Prime Factors Blog

What Happens When a Someone Swipes an EMV Card in an EMV-Compliant POS

Posted by Jeff Cherrington on Sep 25, 2014 7:58:00 PM

Honoring the commitment made in this week’s prior blog entry, this post addresses a couple of questions posed to panelists at last week’s IT GRC Forum webinar, that we did not have time to answer – namely, “Most cardholders will not be aware that they may have a chip card. If they go to a chip terminal with the chip card and swipe, what will happen?” Another participant phrased it as “Will Chip & PIN terminals know that the card is chip & PIN if the card is swiped? What happens if the cardmember swipes the card? Will the terminal prompt the cardholder to dip?” The questions alertly center attention on one of the largest US concerns with migration to EMV – the cardholder experience. I’ll respond to the question as it was posed here, and look for a future post that will discuss the broader concern of consumer resistance to the change.


If you are familiar with the webinar mentioned above or its context, feel free to skip on to the next paragraph. For those interested in that context, we are addressing questions posed to the panel of last week’s IT GRC Forum webinar “Why EMV is Not the Only Answer to Payment Security”. Panelists including Bob Russo, General Manager of the PCI Security Standards Council, my humble self, and others responded to questions from the audience live. If you missed the session, click here for access to an on-demand replay – there were some very good discussion. However, more questions submitted than could be answered in the time allowed and I’m looking to address many of them via this blog over the coming weeks. That said, on to the question at hand….

With the introduction of EMV-compliant smart credit and debit cards, US cardholders’ experience at the point of sale is, necessarily, changing. In the briefest summary, cardholders will have to shift from the familiar transient swipe of the card along the side of a point-of-sale (POS) device to inserting the card into the device and leaving it there until the transaction is authorized. Many who have traveled internationally will already be familiar with the new interactions at the point of sale, either directly or by vicarious experience of watching others, because EMV is adopted broadly outside the US. I remember seeing this constantly while living in London in 2006. At the end of a meal at a pub, the wait person presented the bill, accepted the customer’s card and slid it short-side first into the wireless POS, then presented the POS and its keypad to the patron to enter their PIN. (Look for a future post in this series discussing what role PIN may or may not play with EMV in the US.)

I remember thinking then that this was a much better way of doing things – no one disappears out of sight with a credit card taking who knows how long, and doing who knows what with the card (look for another future post that recounts an episode in card fraud criminal investigations – you may never want to let anyone walk away with your card again…). Everything is done right in front of you, a receipt is printed, and it’s all over. I equally remember the consternation waitstaff had when I would hand them my “dumb” credit card that only had a magnetic stripe – I can still see my mates fading off into the fog while I sat waiting to clear the bill….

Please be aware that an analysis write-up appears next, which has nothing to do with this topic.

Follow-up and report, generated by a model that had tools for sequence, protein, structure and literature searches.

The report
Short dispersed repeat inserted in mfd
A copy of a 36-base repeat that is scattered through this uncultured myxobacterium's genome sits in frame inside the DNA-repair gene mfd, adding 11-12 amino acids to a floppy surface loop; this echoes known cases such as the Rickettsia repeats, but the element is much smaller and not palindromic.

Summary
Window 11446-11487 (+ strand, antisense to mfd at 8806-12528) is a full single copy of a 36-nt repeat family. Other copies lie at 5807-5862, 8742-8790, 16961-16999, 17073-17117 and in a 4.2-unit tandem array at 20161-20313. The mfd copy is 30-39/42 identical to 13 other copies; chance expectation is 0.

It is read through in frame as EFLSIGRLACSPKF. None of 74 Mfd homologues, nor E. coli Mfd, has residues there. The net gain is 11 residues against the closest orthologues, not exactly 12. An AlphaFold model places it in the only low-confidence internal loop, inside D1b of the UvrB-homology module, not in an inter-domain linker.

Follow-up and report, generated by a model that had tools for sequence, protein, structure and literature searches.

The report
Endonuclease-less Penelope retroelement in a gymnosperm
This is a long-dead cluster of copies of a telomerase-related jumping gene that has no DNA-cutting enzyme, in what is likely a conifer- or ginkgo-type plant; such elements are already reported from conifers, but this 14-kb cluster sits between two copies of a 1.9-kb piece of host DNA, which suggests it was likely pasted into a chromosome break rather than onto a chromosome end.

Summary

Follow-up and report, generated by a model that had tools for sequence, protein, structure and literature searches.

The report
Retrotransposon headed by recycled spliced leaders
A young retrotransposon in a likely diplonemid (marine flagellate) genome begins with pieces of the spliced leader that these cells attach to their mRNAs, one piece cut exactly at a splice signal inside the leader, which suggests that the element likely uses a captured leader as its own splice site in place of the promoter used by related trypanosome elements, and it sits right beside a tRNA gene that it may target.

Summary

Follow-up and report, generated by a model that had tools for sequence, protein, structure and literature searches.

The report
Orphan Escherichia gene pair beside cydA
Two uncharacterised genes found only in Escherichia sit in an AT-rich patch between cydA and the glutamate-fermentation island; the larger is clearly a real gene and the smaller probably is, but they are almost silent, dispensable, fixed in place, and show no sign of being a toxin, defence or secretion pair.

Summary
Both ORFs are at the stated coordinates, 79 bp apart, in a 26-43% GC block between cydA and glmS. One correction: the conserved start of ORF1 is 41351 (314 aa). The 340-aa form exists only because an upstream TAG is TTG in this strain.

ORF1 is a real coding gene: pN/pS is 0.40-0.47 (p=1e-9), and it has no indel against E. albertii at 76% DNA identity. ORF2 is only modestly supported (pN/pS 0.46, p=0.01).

The card issuing banks are already providing customers with EMV cards, and more will join them in the coming months. Many of these cards will be both integrated chip and magnetic stripe enabled, as the great body of payment card merchants must go through migration, too, replacing magnetic stripe only card readers with readers that support chips. There will inevitably be a period when some merchants are EMV-compliant and others are not, and the card issuing banks don’t want to miss any transaction because only one format or the other is supported by their cards. Equally, many of the readers are anticipated to support both chip and magnetic stripe since there will unavoidably be a period where both smart and dumb” cards will be presented, until the US is finally fully migrated to EMV, and the merchants don’t want to miss a sale.

This long description sets the stage for the question posed to our panel -- what will happen when a cardholder, holding a “hybrid” card with both magnetic stripe and smart chip, attempts to swipe that EMV-compliant card, out of habit or inattention, through a hybrid card reader that is equipped to read the chip?   Fortunately and predictably, that scenario has been anticipated by the standards groups and is addressed. Payment cards issued with both a magnetic stripe and the EMV-compliant chip will carry a value in the magnetic stripe that, when read, declares the card’s state of compliance to the EMV-compliant card reader. The card reader will prompt the user to insert the card into the device, much as many of us insert debit cards into ATM machines, to complete the transaction. Clearly, for a period of transition, this will occur with some frequency and have impact on the speed of check out in some locations. Still, the benefit that consumers and the industry at large receive from reduced counterfeit card fraud has to be recognized as a worthwhile offset to the momentary frustrations many of us will experience.

Be sure to look for another post in this series next week, when I expect to respond to another question to the panel “What other specific solutions exist besides 3-D secure for Internet transactions?”  If you want to be notified when that post is available, click on the image below to subscribe to the blog.

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